King Abdullah bin Abdulaziz al-Saud, King of Saudi Arabia for the past ten years (after effectively being regent for the ten years before that, due to his brother King Fahd’s incapacitation from stroke), died last week. There can have been very few individuals who have had a greater effect on their country’s system of higher education.
Perhaps his best-known initiative was the creation of his eponymous institution, the King Abdullah University of Science and Technology. Opened in 2009 near Jeddah, KAUST made headlines because of its lavish construction and endowment ($20 billion worth – third in the world after Harvard and Yale) and its attempts to recruit star faculty from around the world. KAUST to date hasn’t set the world on fire – for all the money on offer, there aren’t a lot of serious scientists interested in moving to Saudi Arabia, even if women are allowed to drive and be unveiled within the university’s heavily guarded compound – and there is some truth to the jibe that there are more buildings than professors. But it’s early days yet, and KAUST remains an interesting strategy to try to build the elements of a knowledge economy to help the country eventually transition away from petroleum.
The outside world focused on the KAUST story because it was a big, single institution, a contained story that fit the money-to-burn Gulf Arab stereotype. But Abdullah’s agenda wasn’t simply about KAUST. Over the course of his (effective) 20-year reign, 36 new universities were built in Saudi Arabia. Enrolment in universities rose nearly sixfold, from a little over 200,000 to 1,200,000, the majority of whom are women. Gross enrolment rates went from 18 to 50. Few countries anywhere can match that kind of record. Perhaps even more significantly for the outside world was his creation of the King Abdullah Scholarship Program (KASP), which funded Saudis to get their education in the west, primarily the United States. The Scholarship sends 125,000 students abroad every year at a cost of about $2 billion (Canadian universities collectively receive about 9% of those students).
With Abdullah’s death, many people wonder about the fate of KASP and KAUST: what will be their fate under King Salman? My guess is that KAUST is considerably more vulnerable than KASP. That may seem counterintuitive since the former has an endowment while the latter’s funding is recurring, but the politics are different. KASP benefits a lot of middle-class Saudi families, there is much demand to go abroad for school, and in the wake of the Arab spring, Gulf monarchs tend not to cut back on popular subsidies. KAUST may have its own massive endowment, but it still faces financial challenges if corporate donations slow. Saudi Arabia doesn’t tax corporations, but companies that work there do get a lot of “suggestions” about what causes they should support, and in what amounts. What causes get supported has a lot to do with the interests of whoever’s running the country; hence, a change of regime is likely to affect patterns of philanthropy. Unlike KASP, KAUST is seen to benefit foreigners as much as it does Saudis and would therefore make an easier target.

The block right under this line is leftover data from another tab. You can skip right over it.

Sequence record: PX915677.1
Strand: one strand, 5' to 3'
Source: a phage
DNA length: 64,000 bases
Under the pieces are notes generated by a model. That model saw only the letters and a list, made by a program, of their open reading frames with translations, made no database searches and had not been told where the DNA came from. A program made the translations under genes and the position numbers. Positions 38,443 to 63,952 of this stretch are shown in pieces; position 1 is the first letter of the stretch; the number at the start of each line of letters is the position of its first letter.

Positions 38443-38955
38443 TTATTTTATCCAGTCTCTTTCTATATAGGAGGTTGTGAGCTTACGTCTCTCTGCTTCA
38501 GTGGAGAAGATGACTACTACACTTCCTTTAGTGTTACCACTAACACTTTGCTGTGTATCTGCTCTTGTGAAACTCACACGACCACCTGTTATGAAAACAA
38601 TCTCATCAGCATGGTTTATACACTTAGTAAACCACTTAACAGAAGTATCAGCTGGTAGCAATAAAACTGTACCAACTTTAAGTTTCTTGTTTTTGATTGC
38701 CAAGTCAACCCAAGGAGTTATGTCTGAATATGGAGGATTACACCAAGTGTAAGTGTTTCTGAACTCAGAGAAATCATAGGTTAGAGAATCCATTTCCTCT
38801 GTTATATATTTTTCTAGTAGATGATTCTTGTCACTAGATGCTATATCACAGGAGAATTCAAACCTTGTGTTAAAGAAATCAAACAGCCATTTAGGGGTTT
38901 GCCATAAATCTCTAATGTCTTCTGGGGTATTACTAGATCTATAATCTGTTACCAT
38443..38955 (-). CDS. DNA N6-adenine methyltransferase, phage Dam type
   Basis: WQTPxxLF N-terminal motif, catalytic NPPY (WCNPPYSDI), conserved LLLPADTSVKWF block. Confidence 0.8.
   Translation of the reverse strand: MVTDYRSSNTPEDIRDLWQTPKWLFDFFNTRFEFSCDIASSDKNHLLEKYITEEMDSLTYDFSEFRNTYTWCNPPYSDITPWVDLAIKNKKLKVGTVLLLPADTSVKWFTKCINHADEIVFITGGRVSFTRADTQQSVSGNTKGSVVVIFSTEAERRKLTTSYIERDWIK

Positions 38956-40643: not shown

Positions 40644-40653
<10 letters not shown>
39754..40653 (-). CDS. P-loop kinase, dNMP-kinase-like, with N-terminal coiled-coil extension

How do we evaluate such a legacy? The problem is that Saudi Arabia challenges many western notions about higher education. Though we shrink from talking openly about universities’ “civilizing” function because it’s deeply uncool in a post-colonial world, the fact is most of us in the west still implicitly believe in that function. Yet despite all these impressive increases in educational attainment – even western education – Saudi Arabia remains in our eyes a deeply uncivilized kind of place: the beheadings, the floggings, the misogyny all evoke notions of barbarity. The spread of higher education in the country has done precious little to change that. Whether that says more about Saudis or about higher education is an exercise for the reader.